Having read many reports about the situation, it is clear now that Volkswagen has emissions control systems in place on their diesel engine vehicles that, when operating, place these vehicles in compliance with emissions regulations. What Volkswagen has chosen to do, at least since the 2009 model year on several diesel engine model vehicles, is to turn these emissions controls off when being driven by consumers, and turn these controls on when being tested for their emissions. Volkswagen has employed emissions defeat devices before in the United States, dating back to the origination of emissions control systems in 1973 models. In both instances, these were not unintentional errors but deliberate actions taken to sidestep regulations.
In a statement Volkswagen CEO of the Volkswagen brand Herbert Diess said “We are working at full speed on a technical solution.” It seems they already have a technical solution – turn the emissions control systems on.
The problem with this is that the emissions control systems are turned off while consumers are driving to achieve other goals such as better fuel economy and performance. VW rightly fears that their customers won’t like their vehicles performance or fuel economy with these systems restored to proper operation which is why they are now looking for a “technical solution.” In other words, what they should have done in the first place – develop a system that could control emissions and still provide the customer with the performance and fuel economy they desire. VW has sold over 11 million vehicles globally with this defeat system in place.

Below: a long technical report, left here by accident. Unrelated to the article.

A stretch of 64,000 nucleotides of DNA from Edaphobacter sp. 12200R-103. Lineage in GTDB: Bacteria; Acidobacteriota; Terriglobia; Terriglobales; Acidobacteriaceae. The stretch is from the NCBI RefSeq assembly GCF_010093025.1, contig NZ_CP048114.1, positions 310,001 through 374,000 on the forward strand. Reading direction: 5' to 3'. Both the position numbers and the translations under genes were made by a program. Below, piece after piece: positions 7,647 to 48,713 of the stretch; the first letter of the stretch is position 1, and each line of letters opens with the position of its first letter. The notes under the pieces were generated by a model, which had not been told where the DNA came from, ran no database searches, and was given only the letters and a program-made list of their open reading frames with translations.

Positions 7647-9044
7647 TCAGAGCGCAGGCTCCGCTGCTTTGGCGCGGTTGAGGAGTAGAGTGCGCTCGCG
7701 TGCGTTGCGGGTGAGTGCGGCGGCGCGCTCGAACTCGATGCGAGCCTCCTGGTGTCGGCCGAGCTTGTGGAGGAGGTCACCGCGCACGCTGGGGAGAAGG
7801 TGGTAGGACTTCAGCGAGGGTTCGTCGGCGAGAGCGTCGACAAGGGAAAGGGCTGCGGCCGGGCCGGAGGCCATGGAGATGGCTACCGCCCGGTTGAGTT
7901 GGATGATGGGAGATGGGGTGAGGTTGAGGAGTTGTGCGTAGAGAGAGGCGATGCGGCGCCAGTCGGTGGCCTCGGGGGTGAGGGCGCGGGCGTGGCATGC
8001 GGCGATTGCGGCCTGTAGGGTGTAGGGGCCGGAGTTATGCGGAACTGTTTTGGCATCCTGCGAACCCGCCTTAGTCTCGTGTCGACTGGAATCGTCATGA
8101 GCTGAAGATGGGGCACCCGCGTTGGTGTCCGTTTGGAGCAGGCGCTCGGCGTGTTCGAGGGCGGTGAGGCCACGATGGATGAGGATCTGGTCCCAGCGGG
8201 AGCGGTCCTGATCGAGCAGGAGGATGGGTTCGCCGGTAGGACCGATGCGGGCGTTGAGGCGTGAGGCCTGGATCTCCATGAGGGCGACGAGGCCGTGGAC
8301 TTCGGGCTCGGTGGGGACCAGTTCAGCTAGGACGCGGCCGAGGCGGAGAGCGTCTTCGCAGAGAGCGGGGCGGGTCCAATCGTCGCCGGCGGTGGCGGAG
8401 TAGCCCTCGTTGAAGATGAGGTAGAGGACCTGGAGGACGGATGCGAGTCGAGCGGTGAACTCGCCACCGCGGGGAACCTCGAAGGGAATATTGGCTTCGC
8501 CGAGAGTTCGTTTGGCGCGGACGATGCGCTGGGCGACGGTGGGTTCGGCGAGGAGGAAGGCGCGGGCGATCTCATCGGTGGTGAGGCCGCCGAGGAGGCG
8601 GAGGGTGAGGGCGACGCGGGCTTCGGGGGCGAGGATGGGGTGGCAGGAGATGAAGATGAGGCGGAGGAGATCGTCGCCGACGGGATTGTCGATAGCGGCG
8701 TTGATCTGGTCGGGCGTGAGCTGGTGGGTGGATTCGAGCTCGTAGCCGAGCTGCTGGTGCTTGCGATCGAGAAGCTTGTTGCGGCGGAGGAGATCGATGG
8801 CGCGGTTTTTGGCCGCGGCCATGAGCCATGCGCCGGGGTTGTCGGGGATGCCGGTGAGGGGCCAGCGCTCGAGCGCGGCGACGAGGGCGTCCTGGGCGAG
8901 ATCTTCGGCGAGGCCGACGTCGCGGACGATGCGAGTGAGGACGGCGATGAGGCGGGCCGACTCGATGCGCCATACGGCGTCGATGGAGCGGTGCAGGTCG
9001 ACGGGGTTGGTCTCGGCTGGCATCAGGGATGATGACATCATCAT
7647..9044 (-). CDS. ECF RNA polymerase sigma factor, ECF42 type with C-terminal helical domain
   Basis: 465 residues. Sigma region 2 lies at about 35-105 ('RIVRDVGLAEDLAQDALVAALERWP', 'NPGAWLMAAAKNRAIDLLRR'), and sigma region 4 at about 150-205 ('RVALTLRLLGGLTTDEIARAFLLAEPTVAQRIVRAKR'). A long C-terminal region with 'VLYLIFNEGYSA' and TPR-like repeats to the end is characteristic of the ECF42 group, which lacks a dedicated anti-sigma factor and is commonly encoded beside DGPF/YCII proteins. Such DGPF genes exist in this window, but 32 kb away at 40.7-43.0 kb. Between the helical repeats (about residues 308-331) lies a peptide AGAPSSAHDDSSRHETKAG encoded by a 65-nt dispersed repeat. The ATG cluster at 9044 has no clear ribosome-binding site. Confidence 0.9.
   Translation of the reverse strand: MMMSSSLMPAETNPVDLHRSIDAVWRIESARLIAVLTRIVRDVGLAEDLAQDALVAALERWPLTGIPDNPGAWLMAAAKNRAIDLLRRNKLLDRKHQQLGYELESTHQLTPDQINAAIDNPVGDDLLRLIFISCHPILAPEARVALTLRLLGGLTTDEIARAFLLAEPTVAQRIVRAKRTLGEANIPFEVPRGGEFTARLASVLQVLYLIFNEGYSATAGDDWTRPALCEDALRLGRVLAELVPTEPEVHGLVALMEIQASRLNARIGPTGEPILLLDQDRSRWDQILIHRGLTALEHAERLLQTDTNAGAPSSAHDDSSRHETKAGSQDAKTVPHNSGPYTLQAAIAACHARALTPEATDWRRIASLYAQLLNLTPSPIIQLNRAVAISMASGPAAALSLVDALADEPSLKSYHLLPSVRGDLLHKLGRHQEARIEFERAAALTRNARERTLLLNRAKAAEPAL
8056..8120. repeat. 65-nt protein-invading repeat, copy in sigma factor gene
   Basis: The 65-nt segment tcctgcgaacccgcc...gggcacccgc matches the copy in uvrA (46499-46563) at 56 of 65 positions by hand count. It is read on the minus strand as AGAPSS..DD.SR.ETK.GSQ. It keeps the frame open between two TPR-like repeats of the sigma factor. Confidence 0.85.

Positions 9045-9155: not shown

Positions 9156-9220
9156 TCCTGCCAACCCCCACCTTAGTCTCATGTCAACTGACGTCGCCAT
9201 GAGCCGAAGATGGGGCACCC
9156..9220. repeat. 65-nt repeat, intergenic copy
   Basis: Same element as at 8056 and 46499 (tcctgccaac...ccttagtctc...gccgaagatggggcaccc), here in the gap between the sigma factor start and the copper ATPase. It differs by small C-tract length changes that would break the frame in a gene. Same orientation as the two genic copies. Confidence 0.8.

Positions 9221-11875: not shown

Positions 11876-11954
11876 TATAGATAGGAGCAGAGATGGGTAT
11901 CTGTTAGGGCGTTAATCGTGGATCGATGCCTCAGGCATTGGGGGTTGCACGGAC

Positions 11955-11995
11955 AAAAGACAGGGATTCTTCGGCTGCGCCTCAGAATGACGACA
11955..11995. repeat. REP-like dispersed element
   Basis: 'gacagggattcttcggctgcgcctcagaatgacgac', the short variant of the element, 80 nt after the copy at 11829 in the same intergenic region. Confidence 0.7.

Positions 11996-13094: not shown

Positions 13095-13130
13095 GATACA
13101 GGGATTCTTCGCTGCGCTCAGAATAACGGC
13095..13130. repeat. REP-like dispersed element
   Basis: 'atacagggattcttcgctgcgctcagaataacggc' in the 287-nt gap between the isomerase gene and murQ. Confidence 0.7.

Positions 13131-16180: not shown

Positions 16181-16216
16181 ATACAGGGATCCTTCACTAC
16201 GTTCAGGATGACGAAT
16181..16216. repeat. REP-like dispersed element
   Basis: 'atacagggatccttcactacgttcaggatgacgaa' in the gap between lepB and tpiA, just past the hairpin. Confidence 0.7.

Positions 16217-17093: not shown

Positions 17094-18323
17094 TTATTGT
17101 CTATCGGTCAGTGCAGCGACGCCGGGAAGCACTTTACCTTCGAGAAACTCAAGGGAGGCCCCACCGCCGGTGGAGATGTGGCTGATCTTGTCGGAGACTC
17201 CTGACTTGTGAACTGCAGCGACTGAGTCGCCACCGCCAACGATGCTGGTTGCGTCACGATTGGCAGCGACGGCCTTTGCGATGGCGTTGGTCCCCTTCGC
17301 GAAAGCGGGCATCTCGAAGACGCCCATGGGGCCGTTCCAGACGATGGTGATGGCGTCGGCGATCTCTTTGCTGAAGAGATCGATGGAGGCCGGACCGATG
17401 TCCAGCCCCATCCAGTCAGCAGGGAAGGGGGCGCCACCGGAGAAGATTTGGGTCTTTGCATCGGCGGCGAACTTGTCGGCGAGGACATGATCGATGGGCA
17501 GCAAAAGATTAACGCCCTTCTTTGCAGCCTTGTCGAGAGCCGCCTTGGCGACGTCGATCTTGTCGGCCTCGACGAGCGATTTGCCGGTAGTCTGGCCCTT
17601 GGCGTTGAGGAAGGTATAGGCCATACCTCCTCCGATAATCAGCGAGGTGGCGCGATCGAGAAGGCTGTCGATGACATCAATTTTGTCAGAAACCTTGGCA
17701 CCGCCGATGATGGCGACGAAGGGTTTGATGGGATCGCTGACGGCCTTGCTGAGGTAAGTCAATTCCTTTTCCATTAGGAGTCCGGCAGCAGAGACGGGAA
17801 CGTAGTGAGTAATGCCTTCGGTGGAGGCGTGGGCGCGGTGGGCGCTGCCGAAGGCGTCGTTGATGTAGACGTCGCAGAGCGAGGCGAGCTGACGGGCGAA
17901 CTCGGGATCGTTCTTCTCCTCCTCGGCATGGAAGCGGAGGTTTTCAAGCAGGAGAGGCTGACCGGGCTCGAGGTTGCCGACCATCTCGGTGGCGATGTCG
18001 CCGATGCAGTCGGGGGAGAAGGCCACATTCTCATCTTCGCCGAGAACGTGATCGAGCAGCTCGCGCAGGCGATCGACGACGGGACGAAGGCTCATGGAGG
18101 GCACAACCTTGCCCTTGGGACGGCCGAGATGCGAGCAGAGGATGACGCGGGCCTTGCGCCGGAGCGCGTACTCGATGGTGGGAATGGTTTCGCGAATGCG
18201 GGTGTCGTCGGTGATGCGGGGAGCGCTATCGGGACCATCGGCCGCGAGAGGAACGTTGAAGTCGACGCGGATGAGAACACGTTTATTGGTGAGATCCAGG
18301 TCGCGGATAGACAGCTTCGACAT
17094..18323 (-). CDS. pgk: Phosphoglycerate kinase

Perhaps it’s time for Volkswagen to come up with another name for its TDI technology other than the Clean Diesel they’ve used in the past. Perhaps you can provide some assistance with that.
New larger battery increases range, price Nissan has announced the release of the 2016 LEAF with a 30 kilowatt hour battery as standard equipment in the SV and SL models, providing an EPA rated mileage of 107. The S model continues with the 24 kilowatt hour, 84 mile EPA range battery. “The new battery offers […]